“Alongside a range of other key sources, ACLED data and analysis were cited extensively by the ICC in its request for an investigation into potential crimes against humanity during anti-drug operations in the country earlier this year,” said Kishi, referring to the International Criminal Court.

The latest ACLED report, released last Nov. 18, said it found three key new developments in the anti-drug campaign in the Philippines.

“First, while the overall rate of violence has declined since the height of the drug war in 2016, deadly attacks have continued throughout 2021, with hundreds of civilian fatalities,” said the report.

“Second, state forces, especially [the] police, have taken an even larger role in violence targeting civilians over the course of the drug war,” it said.

The report noted that, although anti-drug vigilantes were largely responsible for a great deal of violence against civilians during the initial months of the war on drugs, “majority of civilian targeting in recent years has been carried out directly by state forces.”

ACLED’s 2016 report estimated that 48 percent of violence committed against civilians during the war on drugs was committed by vigilantes. But in 2021, at least 80 percent of the violence was committed by government agents, the report said.

“The shift appears to be driven by increased scrutiny on vigilantes by the media and the international community, including the ICC,” said ACLED.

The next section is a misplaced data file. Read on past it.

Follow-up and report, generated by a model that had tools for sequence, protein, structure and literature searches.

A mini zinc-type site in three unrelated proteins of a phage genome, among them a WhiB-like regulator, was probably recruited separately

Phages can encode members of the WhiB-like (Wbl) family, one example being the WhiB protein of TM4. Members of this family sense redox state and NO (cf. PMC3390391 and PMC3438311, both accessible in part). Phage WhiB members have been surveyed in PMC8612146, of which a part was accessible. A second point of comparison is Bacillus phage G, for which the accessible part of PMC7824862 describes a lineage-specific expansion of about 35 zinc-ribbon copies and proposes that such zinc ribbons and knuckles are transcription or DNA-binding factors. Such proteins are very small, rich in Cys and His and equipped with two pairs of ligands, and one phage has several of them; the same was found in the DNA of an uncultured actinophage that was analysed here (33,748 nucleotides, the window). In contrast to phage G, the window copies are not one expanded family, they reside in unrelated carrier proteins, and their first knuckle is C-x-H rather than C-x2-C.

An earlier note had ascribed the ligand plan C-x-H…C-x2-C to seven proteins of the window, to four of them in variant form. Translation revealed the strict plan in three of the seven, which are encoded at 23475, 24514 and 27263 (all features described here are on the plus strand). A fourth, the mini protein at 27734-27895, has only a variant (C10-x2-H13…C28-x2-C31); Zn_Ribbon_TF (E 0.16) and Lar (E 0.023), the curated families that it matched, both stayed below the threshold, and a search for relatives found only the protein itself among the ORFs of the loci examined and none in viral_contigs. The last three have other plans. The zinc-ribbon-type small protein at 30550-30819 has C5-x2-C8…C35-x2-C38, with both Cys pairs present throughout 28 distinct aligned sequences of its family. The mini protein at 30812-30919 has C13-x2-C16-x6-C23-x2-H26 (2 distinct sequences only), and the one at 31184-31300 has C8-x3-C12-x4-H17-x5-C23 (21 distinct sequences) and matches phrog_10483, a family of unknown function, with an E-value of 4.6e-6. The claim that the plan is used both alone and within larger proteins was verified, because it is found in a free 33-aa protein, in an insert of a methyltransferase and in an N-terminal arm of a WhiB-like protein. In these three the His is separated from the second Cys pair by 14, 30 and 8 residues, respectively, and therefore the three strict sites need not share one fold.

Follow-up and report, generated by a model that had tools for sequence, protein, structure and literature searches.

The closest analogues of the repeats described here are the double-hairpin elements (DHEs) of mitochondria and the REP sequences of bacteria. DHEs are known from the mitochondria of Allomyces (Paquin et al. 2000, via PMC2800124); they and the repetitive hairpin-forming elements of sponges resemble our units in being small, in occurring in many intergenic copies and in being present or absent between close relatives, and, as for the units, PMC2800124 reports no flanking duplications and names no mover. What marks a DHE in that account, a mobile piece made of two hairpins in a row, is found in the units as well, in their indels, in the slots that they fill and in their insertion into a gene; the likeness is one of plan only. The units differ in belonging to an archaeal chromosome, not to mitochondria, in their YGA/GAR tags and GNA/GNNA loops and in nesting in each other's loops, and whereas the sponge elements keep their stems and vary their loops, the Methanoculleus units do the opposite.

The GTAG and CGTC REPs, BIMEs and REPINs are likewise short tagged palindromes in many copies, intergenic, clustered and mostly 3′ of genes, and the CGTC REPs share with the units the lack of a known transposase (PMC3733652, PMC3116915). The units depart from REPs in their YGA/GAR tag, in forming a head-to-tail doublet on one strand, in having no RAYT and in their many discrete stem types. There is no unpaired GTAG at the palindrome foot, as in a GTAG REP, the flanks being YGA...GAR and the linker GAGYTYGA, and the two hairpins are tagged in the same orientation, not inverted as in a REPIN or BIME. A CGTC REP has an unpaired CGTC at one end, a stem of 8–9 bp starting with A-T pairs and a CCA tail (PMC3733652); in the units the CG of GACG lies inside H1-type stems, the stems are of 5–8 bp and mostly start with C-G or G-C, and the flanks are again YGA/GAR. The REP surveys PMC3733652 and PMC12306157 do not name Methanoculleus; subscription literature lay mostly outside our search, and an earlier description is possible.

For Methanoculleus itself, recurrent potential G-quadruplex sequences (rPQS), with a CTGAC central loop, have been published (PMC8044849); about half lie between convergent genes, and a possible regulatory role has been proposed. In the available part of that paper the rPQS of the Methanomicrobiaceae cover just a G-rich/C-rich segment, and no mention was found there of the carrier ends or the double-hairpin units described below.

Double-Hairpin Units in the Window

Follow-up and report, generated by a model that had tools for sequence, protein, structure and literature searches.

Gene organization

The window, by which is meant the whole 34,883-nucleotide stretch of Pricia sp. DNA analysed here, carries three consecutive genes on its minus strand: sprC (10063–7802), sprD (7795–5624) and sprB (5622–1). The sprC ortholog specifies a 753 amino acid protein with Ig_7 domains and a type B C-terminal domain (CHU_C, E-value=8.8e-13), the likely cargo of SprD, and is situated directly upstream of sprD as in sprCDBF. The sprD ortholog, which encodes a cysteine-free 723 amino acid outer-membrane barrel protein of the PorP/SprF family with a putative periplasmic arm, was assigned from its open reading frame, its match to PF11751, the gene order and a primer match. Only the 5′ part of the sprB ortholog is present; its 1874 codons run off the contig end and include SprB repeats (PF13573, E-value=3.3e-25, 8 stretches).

Direct targeting of civilians by state forces was partly a result of other fronts in armed conflict against terrorists and communists, according to ACLED.

In the war on drugs, the national police leadership continued to play a leading role, according to the report.

“The official police chain of command allows the government to continue prosecuting the war on drugs while retaining greater oversight of the actors involved—especially against the backdrop of an ICC investigation,” ACLED said.

This was in contrast with the employment of “loosely organized vigilante groups that may prove more unpredictable and difficult to control,” it said.

About a month before he retired as Philippine National Police (PNP) chief, Guillermo Eleazar said he respected the decision of relatives of civilians killed in the war on drugs to file a complaint at ICC.

But he said ICC involvement may not be necessary as “the Philippine justice system works.”

“Proof of this is the conviction of the policemen for the killing of Kian Delos Santos and several other court decisions which have caused the dismissal and imprisonment of other PNP personnel,” Eleazar said in September, more than a month before he left the police force and decided to run for senator under the Lacson-Sotto ticket.

According to ACLED, the third key development in Duterte’s war on drugs was the shift in the geography of the violence.

ACLED said the highest concentration of violence and killings has shifted from the National Capital Region, the country’s economic hub, to Central Luzon, particularly Nueva Ecija, which “is now home to the most drug-war related violence in the country.”